How Parental Alcoholism Affects Children in their Adult Lives
It is clear that children are affected by their parents’ choices when it comes to alcohol abuse problems. Neglect, abuse and fetal alcohol syndrome are all effects immediately felt by the children of alcoholic parents.
Researchers are still in the process of examining all of the more long-term ways that children are affected by their parents’ drinking habits. New research specifically looks at relationships and how they are impacted by earlier experiences of having had an alcoholic parent.
Kearns-Bodkin and Leonard completed a study in 2008 that examined the effects of both maternal and paternal alcoholism on marriage relationships, looking particularly at the first four years of marriage.
There were 634 couples that participated in the study. The participants were given assessments at the time of their marriage and then again at their first, second, and fourth anniversary dates. The husbands and wives completed questionnaires separately in their homes, and the questionnaires were self-administered.
The results of the study indicate that for both husbands and wives, the perceptions of their marriage relationship was associated with alcoholism in the opposite gender parent.
For example, if a wife had a father who has an alcoholic, there was an associated lower marital satisfaction experienced in the first for years of marriage. For husbands, an alcoholic mother was associated with lower marital satisfaction in early marriage.
Physical aggression in the marriage relationship was also associated with alcoholic parents. Husbands’ physical aggression was impacted by alcoholism in the mother and father, but high levels of physical aggression were associated with alcoholic mothers and nonalcoholic fathers.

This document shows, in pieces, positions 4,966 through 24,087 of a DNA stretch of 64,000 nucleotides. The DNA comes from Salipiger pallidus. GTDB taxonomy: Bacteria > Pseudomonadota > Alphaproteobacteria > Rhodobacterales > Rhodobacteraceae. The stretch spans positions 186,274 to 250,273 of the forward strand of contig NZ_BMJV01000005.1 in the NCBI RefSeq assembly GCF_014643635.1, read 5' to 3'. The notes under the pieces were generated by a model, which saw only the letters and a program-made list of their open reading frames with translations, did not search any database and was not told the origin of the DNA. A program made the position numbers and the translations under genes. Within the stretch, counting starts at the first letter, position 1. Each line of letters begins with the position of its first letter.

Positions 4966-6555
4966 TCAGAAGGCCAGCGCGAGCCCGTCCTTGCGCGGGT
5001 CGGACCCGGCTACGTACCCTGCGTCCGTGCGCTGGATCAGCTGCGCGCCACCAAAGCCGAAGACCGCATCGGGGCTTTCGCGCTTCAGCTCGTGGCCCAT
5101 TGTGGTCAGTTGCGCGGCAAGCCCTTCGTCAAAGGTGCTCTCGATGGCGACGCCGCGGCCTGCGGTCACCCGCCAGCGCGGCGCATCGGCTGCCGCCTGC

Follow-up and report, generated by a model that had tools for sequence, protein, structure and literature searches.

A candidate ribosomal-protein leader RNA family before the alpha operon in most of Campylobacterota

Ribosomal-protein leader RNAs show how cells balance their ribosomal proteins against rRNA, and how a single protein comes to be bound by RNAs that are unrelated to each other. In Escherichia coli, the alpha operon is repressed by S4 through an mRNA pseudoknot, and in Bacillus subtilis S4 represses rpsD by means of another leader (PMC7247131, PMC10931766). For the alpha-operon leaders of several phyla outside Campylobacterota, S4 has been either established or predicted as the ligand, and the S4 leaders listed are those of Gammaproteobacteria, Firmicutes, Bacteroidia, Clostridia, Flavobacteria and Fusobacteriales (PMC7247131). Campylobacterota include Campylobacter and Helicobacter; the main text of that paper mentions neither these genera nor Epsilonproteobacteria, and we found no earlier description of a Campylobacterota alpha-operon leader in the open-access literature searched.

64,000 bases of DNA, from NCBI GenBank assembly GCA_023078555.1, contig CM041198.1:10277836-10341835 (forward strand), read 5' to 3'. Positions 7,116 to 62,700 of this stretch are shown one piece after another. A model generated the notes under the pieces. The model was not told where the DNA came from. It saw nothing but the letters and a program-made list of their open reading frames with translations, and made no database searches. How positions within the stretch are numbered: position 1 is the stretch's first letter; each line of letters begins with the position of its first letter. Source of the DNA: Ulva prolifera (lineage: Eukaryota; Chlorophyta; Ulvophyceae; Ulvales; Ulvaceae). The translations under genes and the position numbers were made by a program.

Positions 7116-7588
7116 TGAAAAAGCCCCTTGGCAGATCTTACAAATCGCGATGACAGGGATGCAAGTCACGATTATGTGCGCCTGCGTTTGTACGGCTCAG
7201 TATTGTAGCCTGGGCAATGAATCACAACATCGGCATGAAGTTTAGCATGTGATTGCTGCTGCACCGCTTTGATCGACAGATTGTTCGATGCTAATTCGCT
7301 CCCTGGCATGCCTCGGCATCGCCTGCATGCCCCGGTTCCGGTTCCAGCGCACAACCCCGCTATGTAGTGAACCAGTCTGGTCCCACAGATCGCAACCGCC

Additionally, the study found that wives who experienced high levels of physical aggression from their husbands were largely from a background with an alcoholic mother and nonalcoholic father.
Wives also indicated that they engaged in high levels of physical aggression when they had an alcoholic mother and a nonalcoholic father, but this association was limited to early years of marriage.
The results of the study also find that the husbands’ and wives’ attachment representations were linked with parental alcoholism.
The results of this study provide important information for educating parents about the long-term risks of alcohol abuse. Not only are they impacting their children in immediate ways, but alcoholic parents are also impacting their children’s future marital relationships.
The study also may benefit the adult children of alcoholics in seeking assistance or counseling for marital difficulties. Linking some areas of marital conflict to patterns of behavior in their parents may make identifying problems and solutions more possible.